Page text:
Getting corrections from our dance instructors is how we grow, and as students, it's important that we do our best to apply every correction right away. But sometimes—whether it's because we're in physical pain, or have a lot on our minds, or are just not paying attention—those corrections don't sink in. And from a teacher's standpoint, giving the same corrections time and time again gets old very fast. Here are 10 important corrections dance teachers are tired of giving. Take them to heart!
Summer intensive auditions can be nerve-racking. A panel of directors is watching your every move, and you're not even sure if you can be seen among the hundreds of other dancers in the room. We asked five summer intensive directors for their input on how dancers can make a positive impression—and even be remembered next year.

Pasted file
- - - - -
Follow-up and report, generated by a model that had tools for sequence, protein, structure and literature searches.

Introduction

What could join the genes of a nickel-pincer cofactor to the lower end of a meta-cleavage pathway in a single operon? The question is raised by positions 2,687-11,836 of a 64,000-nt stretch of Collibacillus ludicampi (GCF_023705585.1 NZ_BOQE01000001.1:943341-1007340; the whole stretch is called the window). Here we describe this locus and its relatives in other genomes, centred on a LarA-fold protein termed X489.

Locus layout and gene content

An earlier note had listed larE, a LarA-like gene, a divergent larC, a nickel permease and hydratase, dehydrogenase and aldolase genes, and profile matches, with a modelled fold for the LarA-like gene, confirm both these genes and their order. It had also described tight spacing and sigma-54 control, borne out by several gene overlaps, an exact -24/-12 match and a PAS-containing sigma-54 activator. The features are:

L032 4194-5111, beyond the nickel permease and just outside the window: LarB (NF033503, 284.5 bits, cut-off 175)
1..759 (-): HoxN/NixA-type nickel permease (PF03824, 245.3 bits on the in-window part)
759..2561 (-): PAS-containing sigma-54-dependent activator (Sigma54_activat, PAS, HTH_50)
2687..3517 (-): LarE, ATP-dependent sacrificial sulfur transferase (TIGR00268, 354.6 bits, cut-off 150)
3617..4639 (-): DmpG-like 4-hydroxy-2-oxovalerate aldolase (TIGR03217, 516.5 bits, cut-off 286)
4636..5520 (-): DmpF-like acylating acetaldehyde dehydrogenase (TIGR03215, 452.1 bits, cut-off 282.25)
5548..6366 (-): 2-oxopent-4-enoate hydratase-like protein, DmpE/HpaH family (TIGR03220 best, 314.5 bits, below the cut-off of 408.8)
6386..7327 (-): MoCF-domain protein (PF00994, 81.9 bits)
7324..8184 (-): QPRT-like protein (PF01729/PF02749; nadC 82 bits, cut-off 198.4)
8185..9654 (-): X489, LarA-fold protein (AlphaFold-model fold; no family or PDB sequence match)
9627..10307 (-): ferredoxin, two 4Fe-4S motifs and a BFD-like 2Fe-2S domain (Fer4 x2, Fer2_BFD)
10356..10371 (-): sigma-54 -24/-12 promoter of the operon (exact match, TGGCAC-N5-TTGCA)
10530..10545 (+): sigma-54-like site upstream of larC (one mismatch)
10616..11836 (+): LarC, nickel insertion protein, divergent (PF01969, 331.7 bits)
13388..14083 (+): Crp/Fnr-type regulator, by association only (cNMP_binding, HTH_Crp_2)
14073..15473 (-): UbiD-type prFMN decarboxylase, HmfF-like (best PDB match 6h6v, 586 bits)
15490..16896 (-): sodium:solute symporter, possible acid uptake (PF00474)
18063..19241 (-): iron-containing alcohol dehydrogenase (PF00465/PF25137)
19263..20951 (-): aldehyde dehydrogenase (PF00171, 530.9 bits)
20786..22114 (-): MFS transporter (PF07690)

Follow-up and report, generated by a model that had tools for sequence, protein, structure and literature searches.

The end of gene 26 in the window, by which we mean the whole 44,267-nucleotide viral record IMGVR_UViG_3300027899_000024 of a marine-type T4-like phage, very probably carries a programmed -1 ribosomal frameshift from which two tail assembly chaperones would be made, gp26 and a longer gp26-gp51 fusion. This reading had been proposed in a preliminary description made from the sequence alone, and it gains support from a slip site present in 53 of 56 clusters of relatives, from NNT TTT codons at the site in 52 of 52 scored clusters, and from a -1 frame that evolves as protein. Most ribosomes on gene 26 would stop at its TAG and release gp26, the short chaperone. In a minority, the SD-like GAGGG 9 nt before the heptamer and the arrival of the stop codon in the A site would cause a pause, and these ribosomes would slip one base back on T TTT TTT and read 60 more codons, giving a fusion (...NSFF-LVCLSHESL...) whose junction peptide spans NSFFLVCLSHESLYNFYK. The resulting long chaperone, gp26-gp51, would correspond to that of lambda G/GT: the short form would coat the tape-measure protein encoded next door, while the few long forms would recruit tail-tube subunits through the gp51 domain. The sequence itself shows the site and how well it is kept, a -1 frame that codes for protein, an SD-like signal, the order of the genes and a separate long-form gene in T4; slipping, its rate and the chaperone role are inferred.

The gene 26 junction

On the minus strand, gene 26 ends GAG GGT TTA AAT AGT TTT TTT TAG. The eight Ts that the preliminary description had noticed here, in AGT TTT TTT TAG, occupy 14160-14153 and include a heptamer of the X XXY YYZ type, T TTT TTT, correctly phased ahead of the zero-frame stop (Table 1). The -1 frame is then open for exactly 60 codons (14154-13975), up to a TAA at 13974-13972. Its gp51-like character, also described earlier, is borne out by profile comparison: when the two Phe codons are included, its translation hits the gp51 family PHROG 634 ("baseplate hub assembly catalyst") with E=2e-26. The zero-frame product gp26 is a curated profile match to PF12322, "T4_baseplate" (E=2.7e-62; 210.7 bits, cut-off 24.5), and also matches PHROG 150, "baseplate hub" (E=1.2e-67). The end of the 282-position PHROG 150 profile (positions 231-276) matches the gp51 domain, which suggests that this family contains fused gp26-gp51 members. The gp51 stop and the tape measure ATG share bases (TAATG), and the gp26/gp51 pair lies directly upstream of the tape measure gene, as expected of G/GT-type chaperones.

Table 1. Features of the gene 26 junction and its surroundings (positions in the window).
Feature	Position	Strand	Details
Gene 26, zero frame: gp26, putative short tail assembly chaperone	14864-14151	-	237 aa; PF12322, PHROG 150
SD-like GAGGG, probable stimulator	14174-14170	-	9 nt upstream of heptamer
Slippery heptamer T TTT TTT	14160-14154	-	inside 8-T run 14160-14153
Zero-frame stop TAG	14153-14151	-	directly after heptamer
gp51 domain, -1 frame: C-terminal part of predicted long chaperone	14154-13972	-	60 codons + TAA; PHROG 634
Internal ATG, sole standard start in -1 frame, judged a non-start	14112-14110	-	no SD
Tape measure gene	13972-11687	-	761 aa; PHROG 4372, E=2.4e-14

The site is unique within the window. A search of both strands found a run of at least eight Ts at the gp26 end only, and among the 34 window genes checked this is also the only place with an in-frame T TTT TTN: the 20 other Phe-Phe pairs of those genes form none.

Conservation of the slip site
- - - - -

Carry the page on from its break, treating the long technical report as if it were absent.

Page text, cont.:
When we think of a dancer who's broken barriers, American Ballet Theatre principal Misty Copeland tends to be the name that comes to mind. And though Copeland has been a crucial advocate for equality in the world of ballet, Raven Wilkinson—a mentor of Copeland's—is considered one of the original pioneers of the movement.
In 1955, Wilkinson became the first African American to dance with the renowned Ballet Russe de Monte Carlo. Her fortitude in the face of bigotry and hate cemented her legacy. Now, with the release of the new children's book Trailblazer: The Story of Ballerina Raven Wilkinson, a new generation of dancers will be inspired by her tale of overcoming obstacles to achieve a dream.